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The Phantom Isles by Stephen Alter
Review by Colleen Cahill
Bloomsbury USA Children's Books Hardcover  ISBN/ITEM#: 1582347387
Date: February, 2007 List Price $16.95 Amazon US / Amazon UK / Show Official Info /

Visiting a tropical paradise seems like a good idea to most people. What happens when a tropical island, or at least its ghosts, comes to stay in a small Massachusetts town? This is the premise of Stephen Alter's The Phantom Isles, a story of misplaced souls from the Ilhas dos Fantasmas that have been trapped in some of the books of the Carville Public Library for more than sixty years. When three middle school students unknowingly take the first steps to freeing the spirits, a lively adventure ensues.

It all begins when Ming, Orion and Courtney break into the Public Library at midnight to read a spell from The Compleat Necromancer by Prof. Hezekiah T. Osgood. After reciting the "Spells and Incantations for Summoning the Decreased", they're disappointed because nothing seems to happen, but by the next day, they and the Librarian, Alma, are aware something is afoot. In those books previously owned by Prof. Osgood, faces start to appear. These are not just pictures, but moving, talking images of people. After a bit of research, the kids and Alma learn that the ghosts are from a set of islands in the middle of the Indian Ocean which are also the smallest nation in the world, Prithvideep. Due to strong currents around the islands, the tiny population is made up of "castaways, wanderers, and seafarers" from every continent on Earth. In the early 20th century, Hezekiah Osgood, his wife and son were sent to Prithvideep from Hornswoggle, Massachusetts (which later became Carville) to study the island and also teach the natives "puritan values and democratic ideals". The Prof. did not end up teaching anyone anything, but he did discover that the island were full of ghosts. These were not scary or evil spirits, but family members who continue to exist on the island and were treated as honored members of the community. These are the ghosts that Courtney, Ming, Orion and Alma need to release from their bondage in the Osgood books and the only one who seems to know the answer is the ghost of Nick Osgood, son of the nefarious Prof. But they will have to hurry: Ming and Orion's crazy teacher Mrs. Hokum has seen one of the ghosts and is bent on getting the books in the library burned.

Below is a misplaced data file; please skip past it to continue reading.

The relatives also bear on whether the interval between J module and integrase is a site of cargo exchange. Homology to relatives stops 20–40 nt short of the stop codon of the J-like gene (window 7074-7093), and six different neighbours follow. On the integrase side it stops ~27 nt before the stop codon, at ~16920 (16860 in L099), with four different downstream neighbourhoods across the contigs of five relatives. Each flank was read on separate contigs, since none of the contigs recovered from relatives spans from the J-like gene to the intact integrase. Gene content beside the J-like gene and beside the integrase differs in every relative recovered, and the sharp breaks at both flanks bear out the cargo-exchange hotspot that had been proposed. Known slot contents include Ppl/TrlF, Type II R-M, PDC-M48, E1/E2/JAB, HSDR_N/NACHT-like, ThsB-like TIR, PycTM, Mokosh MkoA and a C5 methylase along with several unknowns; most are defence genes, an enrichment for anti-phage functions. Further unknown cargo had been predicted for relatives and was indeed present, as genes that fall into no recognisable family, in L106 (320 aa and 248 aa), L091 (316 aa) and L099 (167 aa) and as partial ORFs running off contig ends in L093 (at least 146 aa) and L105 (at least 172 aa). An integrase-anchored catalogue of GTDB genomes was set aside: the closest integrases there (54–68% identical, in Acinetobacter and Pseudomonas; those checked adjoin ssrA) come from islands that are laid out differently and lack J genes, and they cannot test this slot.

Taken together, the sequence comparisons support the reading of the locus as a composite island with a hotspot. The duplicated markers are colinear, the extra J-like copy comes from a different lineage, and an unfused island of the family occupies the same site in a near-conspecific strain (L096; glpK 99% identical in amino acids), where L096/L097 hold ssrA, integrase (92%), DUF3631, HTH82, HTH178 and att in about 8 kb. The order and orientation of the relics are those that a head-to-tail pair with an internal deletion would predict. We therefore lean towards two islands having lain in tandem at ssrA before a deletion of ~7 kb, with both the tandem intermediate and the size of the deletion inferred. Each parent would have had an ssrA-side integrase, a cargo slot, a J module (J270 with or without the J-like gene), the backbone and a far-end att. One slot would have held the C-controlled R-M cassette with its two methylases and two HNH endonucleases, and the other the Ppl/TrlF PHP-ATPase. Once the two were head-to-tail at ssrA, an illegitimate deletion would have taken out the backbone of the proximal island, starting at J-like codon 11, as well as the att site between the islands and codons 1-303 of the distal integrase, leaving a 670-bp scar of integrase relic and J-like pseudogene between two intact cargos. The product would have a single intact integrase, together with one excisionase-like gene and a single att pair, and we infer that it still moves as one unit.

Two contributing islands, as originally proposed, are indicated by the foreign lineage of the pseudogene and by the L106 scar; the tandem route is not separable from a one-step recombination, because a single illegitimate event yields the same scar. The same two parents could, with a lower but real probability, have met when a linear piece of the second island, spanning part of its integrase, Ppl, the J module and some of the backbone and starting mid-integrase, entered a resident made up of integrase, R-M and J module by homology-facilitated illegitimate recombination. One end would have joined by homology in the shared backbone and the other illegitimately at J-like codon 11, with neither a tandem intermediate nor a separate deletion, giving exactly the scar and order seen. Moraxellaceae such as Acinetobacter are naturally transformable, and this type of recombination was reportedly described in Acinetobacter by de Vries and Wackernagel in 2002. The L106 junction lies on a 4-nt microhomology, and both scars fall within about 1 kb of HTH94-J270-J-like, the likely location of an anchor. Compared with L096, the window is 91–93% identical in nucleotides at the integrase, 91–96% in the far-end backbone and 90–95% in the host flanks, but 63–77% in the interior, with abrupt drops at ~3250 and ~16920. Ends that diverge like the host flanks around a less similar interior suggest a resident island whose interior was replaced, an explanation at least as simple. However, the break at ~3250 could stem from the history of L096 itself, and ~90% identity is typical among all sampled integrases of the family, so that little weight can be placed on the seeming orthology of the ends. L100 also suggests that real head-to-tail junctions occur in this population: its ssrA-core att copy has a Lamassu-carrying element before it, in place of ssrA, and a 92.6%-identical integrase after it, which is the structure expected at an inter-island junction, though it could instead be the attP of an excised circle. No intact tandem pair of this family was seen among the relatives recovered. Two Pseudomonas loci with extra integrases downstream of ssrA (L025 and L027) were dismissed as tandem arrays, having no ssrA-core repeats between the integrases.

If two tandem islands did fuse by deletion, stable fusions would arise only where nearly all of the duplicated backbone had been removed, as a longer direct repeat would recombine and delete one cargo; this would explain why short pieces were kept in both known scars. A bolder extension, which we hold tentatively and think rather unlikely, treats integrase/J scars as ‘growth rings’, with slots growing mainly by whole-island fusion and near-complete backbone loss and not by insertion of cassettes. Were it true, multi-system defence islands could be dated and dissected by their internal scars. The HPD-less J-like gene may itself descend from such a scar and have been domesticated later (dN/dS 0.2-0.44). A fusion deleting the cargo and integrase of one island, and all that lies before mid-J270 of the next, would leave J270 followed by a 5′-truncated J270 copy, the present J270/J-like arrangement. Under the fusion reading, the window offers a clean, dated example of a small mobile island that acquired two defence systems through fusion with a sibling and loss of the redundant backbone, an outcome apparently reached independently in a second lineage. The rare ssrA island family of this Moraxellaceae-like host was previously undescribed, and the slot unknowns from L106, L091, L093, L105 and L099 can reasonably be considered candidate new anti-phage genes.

Alter has written a delightful story for young adults. The Phantom Isles has adventure, history, and for the ghosts, danger. It also has wonderful touches of humor: I laughed out loud at Ming and Orion's answers to Mrs. Hokum's "Positive Profiles of Self Assessment", which included such questions as What Historical figure do you most admire? Ming choose Genghis Khan's wife and Orion choose Pac-man. Some of the humor seems aimed more at adults, such as that until recently the President of Prithvideep was fed to the sharks at the end of his term of service. The book is held together by the superb atmosphere the author sets, often just through the use of names: the Ilhas dos Fantasmas conjures a mysterious island of romance, while Hornswoggle, Massachusetts seems faintly Lovecraftian.

I highly recommend The Phantom Isles for those who love a good fantasy that has a bit of intrigue, a touch of far off lands and a whole lot of fun.

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